I remember the auctioneer selling a rare Crosley Model 50A without cabinet. After the spirited bidding had ended (it sold for $150), the surprised auctioneer called for someone on his team to run back in the building, where the items were waiting their turn on the auction block, and get him another one of "those things."
The inventory tag on the Federal 61 that your editor, John Terrey, purchased at the Orr auction.
Weather notwithstanding, it was a great weekend. Tom, Ken and I tested the capacity of Tom's van and the rented U-Haul to get our goodies back to Arkansas. Both Tom and I still have several of the items we bought that weekend. Each can be identified by a metal tag that Mr. Orr had carefully placed on the item in an inconspicuous place.
John closed his article saying he would never forget the auction in Opelika. I would have to agree. While the cold and dampness in the air that November weekend have faded with the years, the excitement and friendships formed that weekend are still with me.
(Jim Sargent, 2112 Blackfoot Trl., Mesquite, TX 75149)
From Bob Lozier:
Back when the Bill Orr collection went to auction, I had been recently laid off and was just starting to get into a new job. Money was definitely tight, but I was determined to go to what was, for me, the first estate radio auction I could attend. As I recall it was about a nine-hour drive, and when I got to the preview, it knocked my socks off! I also realized that my chance of being high bidder on anything of interest to me was going to be slim.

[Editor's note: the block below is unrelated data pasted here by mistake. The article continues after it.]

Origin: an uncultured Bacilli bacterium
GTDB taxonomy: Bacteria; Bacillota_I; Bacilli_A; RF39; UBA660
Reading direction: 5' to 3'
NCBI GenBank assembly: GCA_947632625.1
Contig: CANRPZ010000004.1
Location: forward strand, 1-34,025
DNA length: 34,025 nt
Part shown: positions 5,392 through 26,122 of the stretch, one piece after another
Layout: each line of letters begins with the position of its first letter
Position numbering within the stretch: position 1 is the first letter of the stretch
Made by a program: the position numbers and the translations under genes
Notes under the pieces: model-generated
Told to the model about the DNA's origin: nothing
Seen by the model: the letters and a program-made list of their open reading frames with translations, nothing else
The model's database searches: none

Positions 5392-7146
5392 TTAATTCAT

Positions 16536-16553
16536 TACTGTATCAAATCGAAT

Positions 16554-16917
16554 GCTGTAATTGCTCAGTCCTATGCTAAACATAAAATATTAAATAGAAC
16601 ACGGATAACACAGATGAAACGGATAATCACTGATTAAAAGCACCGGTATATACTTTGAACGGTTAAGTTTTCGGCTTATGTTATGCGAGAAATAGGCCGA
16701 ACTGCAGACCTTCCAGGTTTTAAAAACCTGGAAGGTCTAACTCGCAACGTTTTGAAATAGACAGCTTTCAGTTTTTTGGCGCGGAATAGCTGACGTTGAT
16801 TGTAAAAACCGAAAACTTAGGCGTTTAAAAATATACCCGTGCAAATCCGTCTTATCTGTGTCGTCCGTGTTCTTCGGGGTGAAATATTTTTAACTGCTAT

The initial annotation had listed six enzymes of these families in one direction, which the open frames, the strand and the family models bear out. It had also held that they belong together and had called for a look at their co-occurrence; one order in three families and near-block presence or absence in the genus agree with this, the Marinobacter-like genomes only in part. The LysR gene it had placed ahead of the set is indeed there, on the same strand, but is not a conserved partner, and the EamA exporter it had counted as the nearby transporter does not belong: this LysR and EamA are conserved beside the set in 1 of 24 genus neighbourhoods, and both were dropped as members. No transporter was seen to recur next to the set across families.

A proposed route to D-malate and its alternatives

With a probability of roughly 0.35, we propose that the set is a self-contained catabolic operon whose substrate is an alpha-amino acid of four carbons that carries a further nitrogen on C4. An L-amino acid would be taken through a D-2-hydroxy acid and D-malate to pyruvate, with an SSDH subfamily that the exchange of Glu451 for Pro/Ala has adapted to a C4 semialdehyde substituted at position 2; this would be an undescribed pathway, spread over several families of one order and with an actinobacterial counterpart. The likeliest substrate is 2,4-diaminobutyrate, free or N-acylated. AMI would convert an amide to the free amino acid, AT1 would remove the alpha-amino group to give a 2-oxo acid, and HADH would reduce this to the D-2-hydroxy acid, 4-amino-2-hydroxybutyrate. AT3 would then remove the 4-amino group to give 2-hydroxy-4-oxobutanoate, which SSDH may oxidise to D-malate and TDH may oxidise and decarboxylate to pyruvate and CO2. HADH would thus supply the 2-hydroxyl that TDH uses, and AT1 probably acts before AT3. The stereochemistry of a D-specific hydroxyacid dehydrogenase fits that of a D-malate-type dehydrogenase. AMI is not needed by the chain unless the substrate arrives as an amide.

Another selection of radios, cathedrals and battery sets, at the Orr auction.
As far as I can remember, I came away with only one radio. It was a nondescript sort of home brew that just looked strange inside. It had just two tubes and some honeycomb coils. After a little research, I figured out just what it was -- a home-brew broadcast band super-regenerative receiver of about 1923 vintage. I relegated the set to a high shelf.
Fast forward about 20 years to a February when I had to go work at MET Laboratories in Baltimore for three weeks. The day before leaving, I installed a new dehumidifier in one of my display rooms. Ten days later, I flew home for the weekend to find the house stinking like crazy of mildew. The drain line fitting of the new unit had cracked, causing all the water from the dehumidifier to spill out onto the tile floor for probably most of the ten days.
I had to remove everything in the room, bleach the floor and walls, repaint the walls and do a detail cleaning of every item in the room (some 200 radios plus a few hundred other small items). It required just about all of my spare time over a period of five months to clean things up to my satisfaction. Fortunately, there was apparently little lasting damage.
When it came time to clean the super-regen broadcast set, I realized that I had accumulated some info on Armstrong's introduction of the circuit and that now was the time to note the extreme rarity of this set. I decided to clean up the set and show it at Charlotte and Rochester in 2006. [Robert's article on the set begins on the following page.]